Considering no copies of the book remain available to the public, the Defenestration staff had to assume that these first two volumes of improbable stories were all an elaborate hoax. That is, until we discovered Clark Phillips, a literary archivist who claimed to have acquired pieces of the manuscript. In his one published article on the subject, he mentions acquiring the first three pages of each story, but that was all.

In his article Phillips mentions, “It seems odd that while exactly three pages from each story are recovered, none of them conclude at the end of the third page. In fact, several stories cut off mid-sentence. After careful analysis (counting), I realized we had not in fact recovered the first three pages, but the first nine-hundred words of each story! Who the fuck does this shit?”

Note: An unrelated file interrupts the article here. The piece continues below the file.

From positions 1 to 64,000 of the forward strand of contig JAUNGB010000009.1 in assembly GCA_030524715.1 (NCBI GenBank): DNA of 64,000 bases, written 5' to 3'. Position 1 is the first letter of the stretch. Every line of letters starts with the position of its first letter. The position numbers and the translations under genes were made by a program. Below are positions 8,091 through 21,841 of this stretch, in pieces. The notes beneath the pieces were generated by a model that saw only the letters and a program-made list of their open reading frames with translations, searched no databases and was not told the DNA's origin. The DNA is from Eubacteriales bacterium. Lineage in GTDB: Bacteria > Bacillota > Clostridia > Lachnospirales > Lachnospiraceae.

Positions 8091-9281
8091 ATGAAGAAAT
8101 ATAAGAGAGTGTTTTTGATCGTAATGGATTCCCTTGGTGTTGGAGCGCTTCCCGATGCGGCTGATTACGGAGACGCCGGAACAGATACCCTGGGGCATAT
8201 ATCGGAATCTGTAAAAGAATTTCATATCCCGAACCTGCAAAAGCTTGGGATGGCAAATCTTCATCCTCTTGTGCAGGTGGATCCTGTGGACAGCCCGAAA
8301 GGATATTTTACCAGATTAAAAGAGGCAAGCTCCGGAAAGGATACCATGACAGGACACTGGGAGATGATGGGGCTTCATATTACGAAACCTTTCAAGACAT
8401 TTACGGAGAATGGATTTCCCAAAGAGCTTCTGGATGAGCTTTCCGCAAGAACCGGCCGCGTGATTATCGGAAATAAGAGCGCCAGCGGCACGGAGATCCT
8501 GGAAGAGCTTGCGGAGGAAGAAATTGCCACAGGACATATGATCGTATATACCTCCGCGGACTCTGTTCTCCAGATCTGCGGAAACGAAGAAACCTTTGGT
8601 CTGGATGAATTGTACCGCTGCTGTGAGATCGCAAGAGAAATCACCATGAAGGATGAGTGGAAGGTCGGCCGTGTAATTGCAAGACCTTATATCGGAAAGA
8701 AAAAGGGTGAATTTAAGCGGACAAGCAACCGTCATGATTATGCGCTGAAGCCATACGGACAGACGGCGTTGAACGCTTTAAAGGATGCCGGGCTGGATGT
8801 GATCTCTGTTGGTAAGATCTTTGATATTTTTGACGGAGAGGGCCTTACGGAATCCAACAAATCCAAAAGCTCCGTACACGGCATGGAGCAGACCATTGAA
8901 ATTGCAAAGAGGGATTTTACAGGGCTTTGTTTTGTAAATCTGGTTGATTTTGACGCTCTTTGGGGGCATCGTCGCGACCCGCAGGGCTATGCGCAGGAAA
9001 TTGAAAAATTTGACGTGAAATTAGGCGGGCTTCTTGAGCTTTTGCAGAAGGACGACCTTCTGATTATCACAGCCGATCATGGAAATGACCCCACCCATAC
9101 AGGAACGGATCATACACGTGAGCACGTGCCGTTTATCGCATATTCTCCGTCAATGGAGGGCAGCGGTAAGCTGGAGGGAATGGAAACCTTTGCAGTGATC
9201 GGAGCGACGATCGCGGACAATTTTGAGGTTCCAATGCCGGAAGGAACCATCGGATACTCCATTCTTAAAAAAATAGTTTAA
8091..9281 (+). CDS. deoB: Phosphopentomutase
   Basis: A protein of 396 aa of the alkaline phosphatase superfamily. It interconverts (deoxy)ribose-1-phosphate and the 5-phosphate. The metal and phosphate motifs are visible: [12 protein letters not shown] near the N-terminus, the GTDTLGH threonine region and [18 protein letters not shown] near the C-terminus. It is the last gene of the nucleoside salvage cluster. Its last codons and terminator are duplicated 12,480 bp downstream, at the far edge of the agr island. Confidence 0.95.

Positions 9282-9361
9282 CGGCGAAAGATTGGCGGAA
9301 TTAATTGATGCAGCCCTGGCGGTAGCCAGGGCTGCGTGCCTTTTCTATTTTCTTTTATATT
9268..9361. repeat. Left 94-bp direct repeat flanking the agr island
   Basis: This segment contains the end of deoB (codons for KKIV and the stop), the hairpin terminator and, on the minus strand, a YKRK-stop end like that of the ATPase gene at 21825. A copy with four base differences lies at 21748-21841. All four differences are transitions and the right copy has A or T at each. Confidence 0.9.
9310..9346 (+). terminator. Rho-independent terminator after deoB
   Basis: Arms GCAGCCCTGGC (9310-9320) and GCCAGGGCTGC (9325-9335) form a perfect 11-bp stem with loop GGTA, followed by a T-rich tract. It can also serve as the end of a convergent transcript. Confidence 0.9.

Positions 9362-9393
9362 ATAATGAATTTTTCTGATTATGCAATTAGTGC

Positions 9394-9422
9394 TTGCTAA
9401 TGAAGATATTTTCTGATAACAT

This discovery led to a comparison with Italo Calvino’s If On A Winter Night’s A Traveler, a novel comprised of the first chapters of missing books.

Of this, Phillips said, “If these delinquent pages of Dangerous Hipster Boys in Troubel” were intentional, then one could draw a comparison to Calvino. However, there is one main difference: Calvino had raw talent. I don’t know what to say about all this crap.”

And then we come to the second volume of “Improbable Stories: The Milkmaid Conspiracy.” It, too, is guarded in secrecy with no surviving copies. As with the previous volume, critical response was brief and sparse, though all reviewers seemed to ponder the same questions: in this day and age, what the hell is a milkmaid and what could they possibly have to conspire about?”